Last edited:
Doesn't make sense to me. You're not hurting anything by flying a drone there. It would be interesting to hear their reason for the ban.
Like all things today, the govt doesn't have to give you a reason. Even if they did it would most likely be illogical. The overall ban in national parks, tied to wildlife sensibilities, is nonsense. The most visited national parks in the country are covered up by noisy motorcycles and other vehicles of that type. Drones are way quieter and less disturbing than almost any vehicle - as long as you aren't do fly bys of the wildlife of course.
 
Doesn't make sense to me. You're not hurting anything by flying a drone there. It would be interesting to hear their reason for the ban.
Drones when flown correctly/safely are great and tend not to be an issue especially if you're staying away from wildlife...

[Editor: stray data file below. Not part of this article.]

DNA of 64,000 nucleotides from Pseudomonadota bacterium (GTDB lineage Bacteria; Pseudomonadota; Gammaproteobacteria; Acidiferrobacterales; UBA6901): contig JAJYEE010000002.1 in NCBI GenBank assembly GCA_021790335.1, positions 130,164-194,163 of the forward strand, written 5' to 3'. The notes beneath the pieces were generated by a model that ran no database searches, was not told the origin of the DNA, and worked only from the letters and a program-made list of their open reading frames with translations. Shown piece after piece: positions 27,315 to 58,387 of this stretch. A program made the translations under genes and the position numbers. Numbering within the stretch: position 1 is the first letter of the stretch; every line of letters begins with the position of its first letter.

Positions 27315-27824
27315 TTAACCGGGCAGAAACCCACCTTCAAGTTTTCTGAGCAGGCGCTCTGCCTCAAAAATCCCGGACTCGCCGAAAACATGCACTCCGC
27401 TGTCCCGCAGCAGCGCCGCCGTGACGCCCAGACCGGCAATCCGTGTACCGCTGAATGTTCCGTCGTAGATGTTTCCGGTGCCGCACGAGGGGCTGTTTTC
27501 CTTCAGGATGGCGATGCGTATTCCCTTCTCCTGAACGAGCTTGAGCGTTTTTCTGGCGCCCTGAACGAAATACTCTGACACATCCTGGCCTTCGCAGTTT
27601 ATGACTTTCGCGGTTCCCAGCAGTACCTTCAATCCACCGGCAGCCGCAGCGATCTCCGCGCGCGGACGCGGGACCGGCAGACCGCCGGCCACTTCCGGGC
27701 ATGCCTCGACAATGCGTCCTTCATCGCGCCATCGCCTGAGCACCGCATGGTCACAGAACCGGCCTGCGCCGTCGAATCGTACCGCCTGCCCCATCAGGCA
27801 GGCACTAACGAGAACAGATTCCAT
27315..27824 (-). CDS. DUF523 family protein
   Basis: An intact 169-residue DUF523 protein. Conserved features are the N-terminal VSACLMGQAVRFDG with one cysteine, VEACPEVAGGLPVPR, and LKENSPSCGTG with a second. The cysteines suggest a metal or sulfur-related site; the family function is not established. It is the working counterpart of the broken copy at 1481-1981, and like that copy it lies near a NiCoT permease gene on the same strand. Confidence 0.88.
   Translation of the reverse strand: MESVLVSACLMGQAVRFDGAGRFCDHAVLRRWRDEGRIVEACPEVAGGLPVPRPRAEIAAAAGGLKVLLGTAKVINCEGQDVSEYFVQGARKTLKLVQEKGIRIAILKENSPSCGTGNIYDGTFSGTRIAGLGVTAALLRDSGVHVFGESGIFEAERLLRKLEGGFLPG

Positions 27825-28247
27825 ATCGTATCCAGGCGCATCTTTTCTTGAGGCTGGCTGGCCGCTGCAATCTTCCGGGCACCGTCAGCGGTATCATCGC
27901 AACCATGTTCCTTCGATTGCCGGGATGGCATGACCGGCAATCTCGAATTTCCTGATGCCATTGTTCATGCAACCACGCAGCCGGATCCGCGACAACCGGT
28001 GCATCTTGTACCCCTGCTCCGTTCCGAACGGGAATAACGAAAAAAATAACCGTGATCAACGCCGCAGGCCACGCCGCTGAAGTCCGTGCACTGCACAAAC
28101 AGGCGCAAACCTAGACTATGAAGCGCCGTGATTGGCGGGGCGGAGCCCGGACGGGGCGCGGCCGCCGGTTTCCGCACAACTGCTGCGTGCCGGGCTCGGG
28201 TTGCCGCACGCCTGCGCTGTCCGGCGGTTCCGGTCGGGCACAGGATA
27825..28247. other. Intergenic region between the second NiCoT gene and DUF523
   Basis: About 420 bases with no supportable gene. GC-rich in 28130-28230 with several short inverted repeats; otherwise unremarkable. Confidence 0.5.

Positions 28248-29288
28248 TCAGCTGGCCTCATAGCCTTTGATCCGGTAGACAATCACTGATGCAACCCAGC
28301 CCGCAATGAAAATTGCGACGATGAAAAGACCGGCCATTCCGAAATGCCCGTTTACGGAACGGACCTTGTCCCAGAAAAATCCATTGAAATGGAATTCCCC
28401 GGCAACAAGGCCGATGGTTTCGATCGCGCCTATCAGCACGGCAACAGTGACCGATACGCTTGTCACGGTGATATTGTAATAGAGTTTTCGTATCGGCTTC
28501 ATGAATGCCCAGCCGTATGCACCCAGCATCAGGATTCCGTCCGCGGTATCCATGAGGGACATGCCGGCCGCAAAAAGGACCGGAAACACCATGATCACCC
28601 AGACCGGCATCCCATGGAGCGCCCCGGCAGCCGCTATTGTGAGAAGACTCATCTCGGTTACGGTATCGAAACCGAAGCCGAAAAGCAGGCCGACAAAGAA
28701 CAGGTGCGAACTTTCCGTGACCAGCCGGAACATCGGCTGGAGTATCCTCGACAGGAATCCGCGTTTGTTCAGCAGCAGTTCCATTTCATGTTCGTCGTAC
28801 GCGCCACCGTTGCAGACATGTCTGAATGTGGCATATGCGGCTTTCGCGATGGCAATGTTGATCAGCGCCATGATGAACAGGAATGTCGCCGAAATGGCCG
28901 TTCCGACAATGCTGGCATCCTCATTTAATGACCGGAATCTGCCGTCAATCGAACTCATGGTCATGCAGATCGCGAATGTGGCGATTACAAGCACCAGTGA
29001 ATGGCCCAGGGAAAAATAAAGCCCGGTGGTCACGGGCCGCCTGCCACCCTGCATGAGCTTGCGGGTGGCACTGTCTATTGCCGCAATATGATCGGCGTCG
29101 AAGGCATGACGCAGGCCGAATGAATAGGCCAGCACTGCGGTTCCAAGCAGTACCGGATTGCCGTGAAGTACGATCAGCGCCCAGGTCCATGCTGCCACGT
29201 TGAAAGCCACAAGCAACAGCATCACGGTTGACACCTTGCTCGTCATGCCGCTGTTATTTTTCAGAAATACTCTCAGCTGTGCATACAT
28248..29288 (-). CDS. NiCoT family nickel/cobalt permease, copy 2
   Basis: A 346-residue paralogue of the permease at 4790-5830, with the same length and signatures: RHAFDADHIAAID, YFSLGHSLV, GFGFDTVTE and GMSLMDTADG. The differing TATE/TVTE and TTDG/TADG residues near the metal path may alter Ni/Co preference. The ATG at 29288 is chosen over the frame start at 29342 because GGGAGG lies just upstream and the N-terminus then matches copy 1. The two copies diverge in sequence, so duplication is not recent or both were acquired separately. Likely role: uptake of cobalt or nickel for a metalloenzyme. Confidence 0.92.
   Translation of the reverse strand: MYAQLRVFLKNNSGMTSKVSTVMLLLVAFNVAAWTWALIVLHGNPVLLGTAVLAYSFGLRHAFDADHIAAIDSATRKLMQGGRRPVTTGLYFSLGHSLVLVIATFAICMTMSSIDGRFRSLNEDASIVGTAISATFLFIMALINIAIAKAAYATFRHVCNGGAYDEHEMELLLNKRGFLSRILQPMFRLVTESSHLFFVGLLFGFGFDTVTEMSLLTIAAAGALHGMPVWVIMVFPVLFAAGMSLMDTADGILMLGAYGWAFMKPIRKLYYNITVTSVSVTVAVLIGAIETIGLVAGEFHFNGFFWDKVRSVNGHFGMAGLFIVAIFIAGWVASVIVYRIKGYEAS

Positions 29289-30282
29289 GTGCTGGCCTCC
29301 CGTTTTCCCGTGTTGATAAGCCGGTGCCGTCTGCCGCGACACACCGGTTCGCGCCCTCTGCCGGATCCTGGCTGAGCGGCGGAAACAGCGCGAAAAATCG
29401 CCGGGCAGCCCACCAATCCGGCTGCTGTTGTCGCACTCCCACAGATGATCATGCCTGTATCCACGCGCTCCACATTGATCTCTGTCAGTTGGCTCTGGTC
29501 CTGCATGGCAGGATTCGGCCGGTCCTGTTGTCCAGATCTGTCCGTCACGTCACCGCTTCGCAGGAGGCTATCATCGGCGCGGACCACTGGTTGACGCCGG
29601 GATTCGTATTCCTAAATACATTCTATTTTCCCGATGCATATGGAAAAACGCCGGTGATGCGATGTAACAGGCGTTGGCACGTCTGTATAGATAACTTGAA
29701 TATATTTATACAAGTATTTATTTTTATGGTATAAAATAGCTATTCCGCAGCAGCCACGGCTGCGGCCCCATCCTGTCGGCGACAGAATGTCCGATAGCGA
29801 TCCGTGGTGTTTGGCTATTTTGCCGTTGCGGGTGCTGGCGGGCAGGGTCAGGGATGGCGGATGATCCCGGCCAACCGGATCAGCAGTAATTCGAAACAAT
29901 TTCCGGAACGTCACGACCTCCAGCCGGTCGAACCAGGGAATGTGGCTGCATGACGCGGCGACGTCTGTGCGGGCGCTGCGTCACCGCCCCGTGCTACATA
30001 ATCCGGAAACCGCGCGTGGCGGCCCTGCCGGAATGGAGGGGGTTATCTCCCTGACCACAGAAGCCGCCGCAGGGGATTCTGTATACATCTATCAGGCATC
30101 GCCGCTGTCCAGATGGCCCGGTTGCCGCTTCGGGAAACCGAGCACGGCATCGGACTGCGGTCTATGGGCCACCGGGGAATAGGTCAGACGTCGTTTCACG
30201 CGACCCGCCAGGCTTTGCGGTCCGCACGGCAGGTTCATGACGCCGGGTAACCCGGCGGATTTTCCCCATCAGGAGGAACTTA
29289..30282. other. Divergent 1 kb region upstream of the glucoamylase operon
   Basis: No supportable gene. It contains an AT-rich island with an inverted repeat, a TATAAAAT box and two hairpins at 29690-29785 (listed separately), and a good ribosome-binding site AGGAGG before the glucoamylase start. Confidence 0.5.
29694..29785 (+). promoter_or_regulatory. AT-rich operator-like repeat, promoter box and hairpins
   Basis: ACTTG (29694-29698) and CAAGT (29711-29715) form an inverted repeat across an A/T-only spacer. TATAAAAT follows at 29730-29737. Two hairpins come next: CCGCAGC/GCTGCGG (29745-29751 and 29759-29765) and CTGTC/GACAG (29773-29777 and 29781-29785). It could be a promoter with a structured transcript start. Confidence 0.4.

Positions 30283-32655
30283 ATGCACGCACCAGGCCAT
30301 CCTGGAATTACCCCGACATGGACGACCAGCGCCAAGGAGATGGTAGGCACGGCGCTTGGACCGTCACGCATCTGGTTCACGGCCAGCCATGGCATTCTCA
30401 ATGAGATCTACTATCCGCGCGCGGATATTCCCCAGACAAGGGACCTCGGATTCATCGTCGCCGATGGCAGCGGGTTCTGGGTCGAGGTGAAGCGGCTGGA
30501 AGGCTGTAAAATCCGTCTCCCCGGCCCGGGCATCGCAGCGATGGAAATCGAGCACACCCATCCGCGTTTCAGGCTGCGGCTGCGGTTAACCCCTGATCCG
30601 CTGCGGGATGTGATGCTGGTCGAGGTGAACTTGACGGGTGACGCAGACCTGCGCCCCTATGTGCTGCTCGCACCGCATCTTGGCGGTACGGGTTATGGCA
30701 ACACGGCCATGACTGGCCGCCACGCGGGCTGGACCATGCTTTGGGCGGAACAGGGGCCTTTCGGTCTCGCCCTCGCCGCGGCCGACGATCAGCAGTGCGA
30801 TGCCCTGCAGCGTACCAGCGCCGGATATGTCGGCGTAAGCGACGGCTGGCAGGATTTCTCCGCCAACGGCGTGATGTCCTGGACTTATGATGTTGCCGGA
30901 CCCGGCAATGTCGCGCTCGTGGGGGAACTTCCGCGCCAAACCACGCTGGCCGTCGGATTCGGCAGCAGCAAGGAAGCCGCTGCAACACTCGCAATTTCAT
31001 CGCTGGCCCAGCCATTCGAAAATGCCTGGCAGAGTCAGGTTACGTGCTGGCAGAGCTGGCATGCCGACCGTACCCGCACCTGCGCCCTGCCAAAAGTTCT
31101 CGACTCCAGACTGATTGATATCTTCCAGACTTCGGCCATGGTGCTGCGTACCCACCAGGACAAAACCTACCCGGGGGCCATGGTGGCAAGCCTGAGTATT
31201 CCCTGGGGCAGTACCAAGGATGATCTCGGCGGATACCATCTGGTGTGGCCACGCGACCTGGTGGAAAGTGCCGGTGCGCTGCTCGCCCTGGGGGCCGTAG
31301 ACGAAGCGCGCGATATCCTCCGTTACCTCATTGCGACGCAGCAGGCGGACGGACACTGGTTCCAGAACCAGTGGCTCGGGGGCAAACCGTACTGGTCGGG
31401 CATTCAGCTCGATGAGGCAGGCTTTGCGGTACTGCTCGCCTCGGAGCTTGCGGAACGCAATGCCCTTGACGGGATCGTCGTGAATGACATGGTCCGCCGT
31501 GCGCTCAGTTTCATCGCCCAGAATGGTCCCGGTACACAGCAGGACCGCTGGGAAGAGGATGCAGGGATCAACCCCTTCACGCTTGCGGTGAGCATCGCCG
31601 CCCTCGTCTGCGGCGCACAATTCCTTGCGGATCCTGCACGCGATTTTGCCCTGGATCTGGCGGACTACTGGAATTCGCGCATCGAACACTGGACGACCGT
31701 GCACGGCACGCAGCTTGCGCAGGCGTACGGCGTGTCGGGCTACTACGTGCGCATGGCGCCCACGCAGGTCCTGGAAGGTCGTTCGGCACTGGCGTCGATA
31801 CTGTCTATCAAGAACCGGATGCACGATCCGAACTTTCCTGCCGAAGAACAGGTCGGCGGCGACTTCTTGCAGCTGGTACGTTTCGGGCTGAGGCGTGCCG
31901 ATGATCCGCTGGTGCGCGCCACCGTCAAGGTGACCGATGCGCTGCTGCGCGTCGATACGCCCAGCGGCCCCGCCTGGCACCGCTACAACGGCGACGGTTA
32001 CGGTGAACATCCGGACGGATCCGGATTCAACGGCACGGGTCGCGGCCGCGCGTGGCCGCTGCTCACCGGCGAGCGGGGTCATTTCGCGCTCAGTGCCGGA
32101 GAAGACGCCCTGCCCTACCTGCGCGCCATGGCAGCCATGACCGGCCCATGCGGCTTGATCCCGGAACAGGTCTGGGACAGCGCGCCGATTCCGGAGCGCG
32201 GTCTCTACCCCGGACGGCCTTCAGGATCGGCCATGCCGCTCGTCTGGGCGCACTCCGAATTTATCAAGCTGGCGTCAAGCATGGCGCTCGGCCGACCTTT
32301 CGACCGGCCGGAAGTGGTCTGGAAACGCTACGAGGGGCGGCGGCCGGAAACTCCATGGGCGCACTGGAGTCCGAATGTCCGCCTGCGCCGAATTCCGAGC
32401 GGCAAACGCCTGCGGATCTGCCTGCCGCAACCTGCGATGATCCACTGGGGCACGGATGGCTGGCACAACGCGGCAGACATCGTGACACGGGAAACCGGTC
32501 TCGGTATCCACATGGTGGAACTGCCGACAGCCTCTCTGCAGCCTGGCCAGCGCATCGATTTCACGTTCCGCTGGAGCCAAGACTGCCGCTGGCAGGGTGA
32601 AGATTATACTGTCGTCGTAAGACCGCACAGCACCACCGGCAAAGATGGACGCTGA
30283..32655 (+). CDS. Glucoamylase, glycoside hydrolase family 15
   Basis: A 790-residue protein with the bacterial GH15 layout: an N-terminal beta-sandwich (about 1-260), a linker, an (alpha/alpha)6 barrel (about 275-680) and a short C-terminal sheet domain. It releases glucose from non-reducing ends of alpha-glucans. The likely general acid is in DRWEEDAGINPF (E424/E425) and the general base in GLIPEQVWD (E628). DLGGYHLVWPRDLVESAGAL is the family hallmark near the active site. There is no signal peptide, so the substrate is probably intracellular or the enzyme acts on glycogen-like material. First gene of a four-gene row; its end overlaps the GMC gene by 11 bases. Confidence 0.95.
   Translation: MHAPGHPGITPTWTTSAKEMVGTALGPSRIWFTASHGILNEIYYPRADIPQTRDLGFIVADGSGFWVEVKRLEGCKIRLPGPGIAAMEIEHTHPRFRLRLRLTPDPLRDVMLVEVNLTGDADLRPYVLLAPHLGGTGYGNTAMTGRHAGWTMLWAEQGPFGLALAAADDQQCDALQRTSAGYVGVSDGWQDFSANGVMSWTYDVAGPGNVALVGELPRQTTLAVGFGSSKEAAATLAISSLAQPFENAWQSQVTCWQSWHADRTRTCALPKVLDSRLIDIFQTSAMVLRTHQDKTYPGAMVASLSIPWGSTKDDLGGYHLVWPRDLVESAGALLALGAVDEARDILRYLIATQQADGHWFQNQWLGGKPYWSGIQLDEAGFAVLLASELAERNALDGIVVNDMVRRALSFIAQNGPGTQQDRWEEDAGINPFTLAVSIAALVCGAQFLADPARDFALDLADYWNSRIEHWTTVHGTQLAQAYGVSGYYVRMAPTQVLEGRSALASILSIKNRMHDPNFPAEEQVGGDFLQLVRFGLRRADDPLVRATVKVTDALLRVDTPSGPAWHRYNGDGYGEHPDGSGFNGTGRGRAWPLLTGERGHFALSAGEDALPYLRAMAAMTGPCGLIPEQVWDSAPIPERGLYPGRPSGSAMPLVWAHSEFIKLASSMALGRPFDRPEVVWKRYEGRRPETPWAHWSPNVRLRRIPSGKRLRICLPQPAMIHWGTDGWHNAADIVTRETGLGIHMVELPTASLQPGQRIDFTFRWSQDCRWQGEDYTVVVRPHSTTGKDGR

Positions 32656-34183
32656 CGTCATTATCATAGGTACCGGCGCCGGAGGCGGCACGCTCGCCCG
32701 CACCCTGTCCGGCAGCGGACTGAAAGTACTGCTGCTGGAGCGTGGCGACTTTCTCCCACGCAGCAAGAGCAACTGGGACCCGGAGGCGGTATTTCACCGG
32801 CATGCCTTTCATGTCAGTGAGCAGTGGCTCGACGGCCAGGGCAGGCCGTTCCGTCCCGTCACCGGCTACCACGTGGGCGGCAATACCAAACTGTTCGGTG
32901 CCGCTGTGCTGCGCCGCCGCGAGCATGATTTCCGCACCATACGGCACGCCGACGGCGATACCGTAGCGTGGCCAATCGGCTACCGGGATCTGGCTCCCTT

Drones not behaving as they should be it operator error, malfunction, lost power, etc, can be a major issue for a protected area, especially in the event of a LiPo battery fire. More likely when you're nearly 2 miles away and can't do anything quickly about a downed drone.

Though I'm with Vic, if they actually said "okay" on an official platform, and you actually have the time and money to debate it in court, then by all means try to set some sort of precedence.

However I would argue that unless Nevada is just reiterating a pre-existing federal regulation as their own, they don't have the authority to govern the airspace in regards to drones "flying", they can dictate land-use though (taking off, landing, operating from).

BLM (Bureau of Land Management) is however federal, like NPS (National Park Services).